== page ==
Though many would find it too hot, I actually enjoyed the heat and humidity in the Tropical Biome.

Though many would find it too hot, I actually enjoyed the heat and humidity in the Tropical Biome.

I’ve headed out for the day to enjoy the the glorious warm and sunny weather in St. Ives. Anyway, that’s just a quick update for now. (I’ve been sitting in the Tate Gallery Cafe using their wifi for the past two hours and I think they are ready for me to leave.) See you all soon!

I haven't seen the sea in months and I couldn't have asked for better weather!

I haven’t seen the sea in months and I couldn’t have asked for better weather!

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Gardens Great and Small

19 Sep

Just last weekend I got the opportunity to visit two very well known gardens: Great Dixter and the Chelsea Physic Garden. (Starting with style, if I do say so myself!) Both were very different gardens, but both amazing in their own way. The team leader of the herbaceous department was heading down to Great Dixter and invited the two foreign interns and myself to come along with on Saturday.  Sunday I was heading off to meet some friends that happen to be visiting London and one of the interns from the trip to Great Dixter also was heading into the city to run errands and visit the Chelsea Physic Garden. She asked if I wanted to join her and, of course, I said yes. On this post I’ll cover Great Dixter.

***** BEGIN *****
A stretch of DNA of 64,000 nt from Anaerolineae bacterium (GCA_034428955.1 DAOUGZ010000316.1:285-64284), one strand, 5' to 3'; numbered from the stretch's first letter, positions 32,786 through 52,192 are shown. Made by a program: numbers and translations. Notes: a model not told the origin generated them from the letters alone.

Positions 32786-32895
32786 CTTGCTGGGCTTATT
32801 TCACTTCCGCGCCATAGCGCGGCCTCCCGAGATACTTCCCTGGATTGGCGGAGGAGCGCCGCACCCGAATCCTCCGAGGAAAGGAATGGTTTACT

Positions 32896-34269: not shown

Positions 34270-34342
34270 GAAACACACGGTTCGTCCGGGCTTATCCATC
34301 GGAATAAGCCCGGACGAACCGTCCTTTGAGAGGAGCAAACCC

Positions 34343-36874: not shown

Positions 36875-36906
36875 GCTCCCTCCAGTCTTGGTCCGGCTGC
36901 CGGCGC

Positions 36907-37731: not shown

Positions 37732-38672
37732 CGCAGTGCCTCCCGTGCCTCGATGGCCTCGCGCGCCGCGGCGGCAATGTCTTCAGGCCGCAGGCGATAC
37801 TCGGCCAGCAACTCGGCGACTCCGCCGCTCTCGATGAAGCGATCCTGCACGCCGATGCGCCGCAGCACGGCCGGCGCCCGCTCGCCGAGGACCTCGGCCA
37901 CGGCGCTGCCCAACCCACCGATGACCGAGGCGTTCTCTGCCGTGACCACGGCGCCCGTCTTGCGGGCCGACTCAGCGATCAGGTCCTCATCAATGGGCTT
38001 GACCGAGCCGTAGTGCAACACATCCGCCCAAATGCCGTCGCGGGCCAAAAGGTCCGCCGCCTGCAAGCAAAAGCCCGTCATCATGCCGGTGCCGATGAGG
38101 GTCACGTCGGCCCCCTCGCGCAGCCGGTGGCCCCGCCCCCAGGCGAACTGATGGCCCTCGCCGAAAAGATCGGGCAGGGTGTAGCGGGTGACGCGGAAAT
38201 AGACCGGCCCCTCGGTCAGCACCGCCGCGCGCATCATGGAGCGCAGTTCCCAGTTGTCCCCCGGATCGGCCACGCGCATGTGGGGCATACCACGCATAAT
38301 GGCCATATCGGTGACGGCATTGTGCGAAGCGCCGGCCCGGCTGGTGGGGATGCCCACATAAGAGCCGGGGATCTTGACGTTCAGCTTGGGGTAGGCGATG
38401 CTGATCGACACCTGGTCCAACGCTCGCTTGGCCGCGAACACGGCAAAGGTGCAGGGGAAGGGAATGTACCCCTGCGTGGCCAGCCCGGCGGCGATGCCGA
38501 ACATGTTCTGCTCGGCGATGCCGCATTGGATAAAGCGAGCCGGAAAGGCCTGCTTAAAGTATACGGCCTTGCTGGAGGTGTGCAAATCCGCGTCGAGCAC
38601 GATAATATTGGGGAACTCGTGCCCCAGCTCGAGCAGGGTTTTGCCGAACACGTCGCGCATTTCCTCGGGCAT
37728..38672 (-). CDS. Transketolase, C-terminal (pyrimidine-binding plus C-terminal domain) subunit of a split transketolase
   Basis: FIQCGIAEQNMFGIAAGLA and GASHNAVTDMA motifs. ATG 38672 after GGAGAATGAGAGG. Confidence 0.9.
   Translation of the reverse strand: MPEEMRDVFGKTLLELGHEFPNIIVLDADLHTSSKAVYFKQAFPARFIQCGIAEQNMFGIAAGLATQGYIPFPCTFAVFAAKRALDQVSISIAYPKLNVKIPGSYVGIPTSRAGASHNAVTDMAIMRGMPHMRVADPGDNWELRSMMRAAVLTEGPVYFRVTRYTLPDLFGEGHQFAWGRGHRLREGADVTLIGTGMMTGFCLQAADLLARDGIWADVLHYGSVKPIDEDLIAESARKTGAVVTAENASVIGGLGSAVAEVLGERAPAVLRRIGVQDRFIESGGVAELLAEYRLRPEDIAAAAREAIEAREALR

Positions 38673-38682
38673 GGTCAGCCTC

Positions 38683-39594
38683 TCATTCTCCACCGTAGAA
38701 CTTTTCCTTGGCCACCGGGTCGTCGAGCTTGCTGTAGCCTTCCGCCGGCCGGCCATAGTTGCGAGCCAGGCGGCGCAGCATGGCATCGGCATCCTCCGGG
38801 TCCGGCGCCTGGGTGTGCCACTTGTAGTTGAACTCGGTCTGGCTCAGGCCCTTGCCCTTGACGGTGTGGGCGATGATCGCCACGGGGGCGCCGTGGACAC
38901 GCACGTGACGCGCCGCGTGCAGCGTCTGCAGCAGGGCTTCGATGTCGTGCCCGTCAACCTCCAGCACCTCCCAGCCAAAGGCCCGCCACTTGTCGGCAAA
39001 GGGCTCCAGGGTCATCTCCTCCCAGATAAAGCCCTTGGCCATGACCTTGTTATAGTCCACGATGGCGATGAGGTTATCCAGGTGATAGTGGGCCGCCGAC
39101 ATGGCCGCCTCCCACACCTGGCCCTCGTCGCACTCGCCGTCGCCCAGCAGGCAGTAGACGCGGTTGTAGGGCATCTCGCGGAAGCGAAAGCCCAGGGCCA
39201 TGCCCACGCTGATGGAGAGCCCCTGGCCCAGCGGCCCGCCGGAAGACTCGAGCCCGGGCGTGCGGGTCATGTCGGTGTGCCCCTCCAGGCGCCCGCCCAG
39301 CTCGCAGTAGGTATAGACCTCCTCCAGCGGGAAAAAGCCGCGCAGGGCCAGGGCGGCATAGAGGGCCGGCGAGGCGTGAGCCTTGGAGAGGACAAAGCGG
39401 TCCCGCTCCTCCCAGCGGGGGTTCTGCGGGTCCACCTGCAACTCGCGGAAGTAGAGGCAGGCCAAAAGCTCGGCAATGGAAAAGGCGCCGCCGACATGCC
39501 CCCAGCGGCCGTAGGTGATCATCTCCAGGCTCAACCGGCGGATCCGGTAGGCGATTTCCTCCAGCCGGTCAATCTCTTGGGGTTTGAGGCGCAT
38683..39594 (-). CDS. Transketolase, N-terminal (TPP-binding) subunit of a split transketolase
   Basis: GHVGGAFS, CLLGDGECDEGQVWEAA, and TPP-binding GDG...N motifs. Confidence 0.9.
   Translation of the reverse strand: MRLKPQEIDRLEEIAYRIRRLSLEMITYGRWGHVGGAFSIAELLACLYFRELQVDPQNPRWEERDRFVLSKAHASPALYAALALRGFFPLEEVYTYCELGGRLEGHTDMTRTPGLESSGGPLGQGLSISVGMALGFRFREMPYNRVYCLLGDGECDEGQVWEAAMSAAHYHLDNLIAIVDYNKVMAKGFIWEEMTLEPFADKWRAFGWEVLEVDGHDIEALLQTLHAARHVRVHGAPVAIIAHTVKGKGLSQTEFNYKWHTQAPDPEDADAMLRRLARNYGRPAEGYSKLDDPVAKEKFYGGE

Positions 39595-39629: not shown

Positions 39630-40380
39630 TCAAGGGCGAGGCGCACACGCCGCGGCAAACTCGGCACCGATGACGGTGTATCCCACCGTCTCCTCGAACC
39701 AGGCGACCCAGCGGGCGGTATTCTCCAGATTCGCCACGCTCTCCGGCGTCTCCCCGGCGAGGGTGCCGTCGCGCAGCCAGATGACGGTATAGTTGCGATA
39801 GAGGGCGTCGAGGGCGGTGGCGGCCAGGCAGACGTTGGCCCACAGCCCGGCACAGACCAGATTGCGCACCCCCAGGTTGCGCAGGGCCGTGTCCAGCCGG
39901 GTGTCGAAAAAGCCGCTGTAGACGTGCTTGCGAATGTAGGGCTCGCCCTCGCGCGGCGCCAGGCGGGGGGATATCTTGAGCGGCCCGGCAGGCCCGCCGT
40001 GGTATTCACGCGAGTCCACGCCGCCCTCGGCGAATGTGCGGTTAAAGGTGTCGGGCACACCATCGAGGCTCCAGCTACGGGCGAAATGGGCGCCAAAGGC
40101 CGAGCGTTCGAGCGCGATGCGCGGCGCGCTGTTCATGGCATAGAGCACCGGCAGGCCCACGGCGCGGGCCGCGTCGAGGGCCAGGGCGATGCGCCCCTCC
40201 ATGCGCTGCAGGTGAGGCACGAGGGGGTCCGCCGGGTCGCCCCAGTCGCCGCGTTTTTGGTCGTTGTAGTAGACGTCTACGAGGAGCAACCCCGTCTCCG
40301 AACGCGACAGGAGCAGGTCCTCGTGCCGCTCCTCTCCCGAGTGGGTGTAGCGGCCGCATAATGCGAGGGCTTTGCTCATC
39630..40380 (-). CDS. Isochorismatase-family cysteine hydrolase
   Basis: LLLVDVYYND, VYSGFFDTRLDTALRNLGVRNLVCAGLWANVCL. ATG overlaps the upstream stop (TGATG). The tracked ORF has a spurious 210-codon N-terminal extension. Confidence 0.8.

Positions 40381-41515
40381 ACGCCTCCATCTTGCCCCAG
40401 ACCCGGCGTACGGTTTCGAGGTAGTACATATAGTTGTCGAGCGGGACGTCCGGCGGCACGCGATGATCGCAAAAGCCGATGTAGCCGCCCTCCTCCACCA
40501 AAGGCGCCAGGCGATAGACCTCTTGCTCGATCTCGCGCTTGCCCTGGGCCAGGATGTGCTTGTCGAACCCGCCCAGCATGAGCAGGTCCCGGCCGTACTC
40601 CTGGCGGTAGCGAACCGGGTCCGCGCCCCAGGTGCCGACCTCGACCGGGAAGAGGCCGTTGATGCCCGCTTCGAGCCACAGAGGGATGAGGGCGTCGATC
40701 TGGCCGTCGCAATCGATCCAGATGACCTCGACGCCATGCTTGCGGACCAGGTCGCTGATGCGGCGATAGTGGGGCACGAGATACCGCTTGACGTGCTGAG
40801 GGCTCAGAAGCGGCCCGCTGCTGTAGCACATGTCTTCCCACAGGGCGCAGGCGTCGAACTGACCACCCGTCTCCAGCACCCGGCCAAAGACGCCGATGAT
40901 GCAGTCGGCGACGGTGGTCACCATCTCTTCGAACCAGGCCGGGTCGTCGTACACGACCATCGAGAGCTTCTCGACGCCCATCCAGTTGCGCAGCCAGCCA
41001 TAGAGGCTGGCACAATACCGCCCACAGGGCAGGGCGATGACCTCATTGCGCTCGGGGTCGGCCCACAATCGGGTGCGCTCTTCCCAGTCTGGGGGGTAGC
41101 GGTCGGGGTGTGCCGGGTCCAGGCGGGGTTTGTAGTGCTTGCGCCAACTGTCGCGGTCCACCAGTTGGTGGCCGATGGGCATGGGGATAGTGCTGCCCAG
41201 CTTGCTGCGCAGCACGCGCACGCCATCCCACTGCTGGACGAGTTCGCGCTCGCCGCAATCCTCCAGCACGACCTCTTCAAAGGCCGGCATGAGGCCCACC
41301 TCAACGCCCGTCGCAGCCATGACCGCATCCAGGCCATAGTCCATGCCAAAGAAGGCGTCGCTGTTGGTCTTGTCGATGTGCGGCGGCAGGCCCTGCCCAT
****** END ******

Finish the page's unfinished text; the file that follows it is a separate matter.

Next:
Great Dixter – Saturday, Sept. 14

It was early afternoon, overcast and a bit chilly. (Autumn is definitely on its way.) The sky was threatening to rain, but the weather reports said that at its worst showers would be on and off. Sean pulled into the parking lot and picked the two other interns and myself up and headed south to Northiam, East Sussex. The drive took only a little over an hour and it was fun to watch the woods give way to hedgerows and livestock.

On the road! (Photo taken by Kirsi, one of interns.)

On the road! (Photo taken by Kirsi, one of interns.)

Here we are in the parking lot hot with anticipation. (Photo from Kirsi, taken by Sean.)

Here we are in the parking lot hot with anticipation. (Photo from Kirsi, taken by Sean.)

Great Dixter was home to one of the great English gardeners and garden writers, Christopher Lloyd. He was born and raised at Great Dixter and through both his parents – particularly his mother, Daisy – he developed a great passion for gardening. (His mother would also introduce him to Gertrude Jekyll, another very influential English gardener.)

Here is the path leading to the house, Great Dixter.

Here is the path leading to the house, Great Dixter.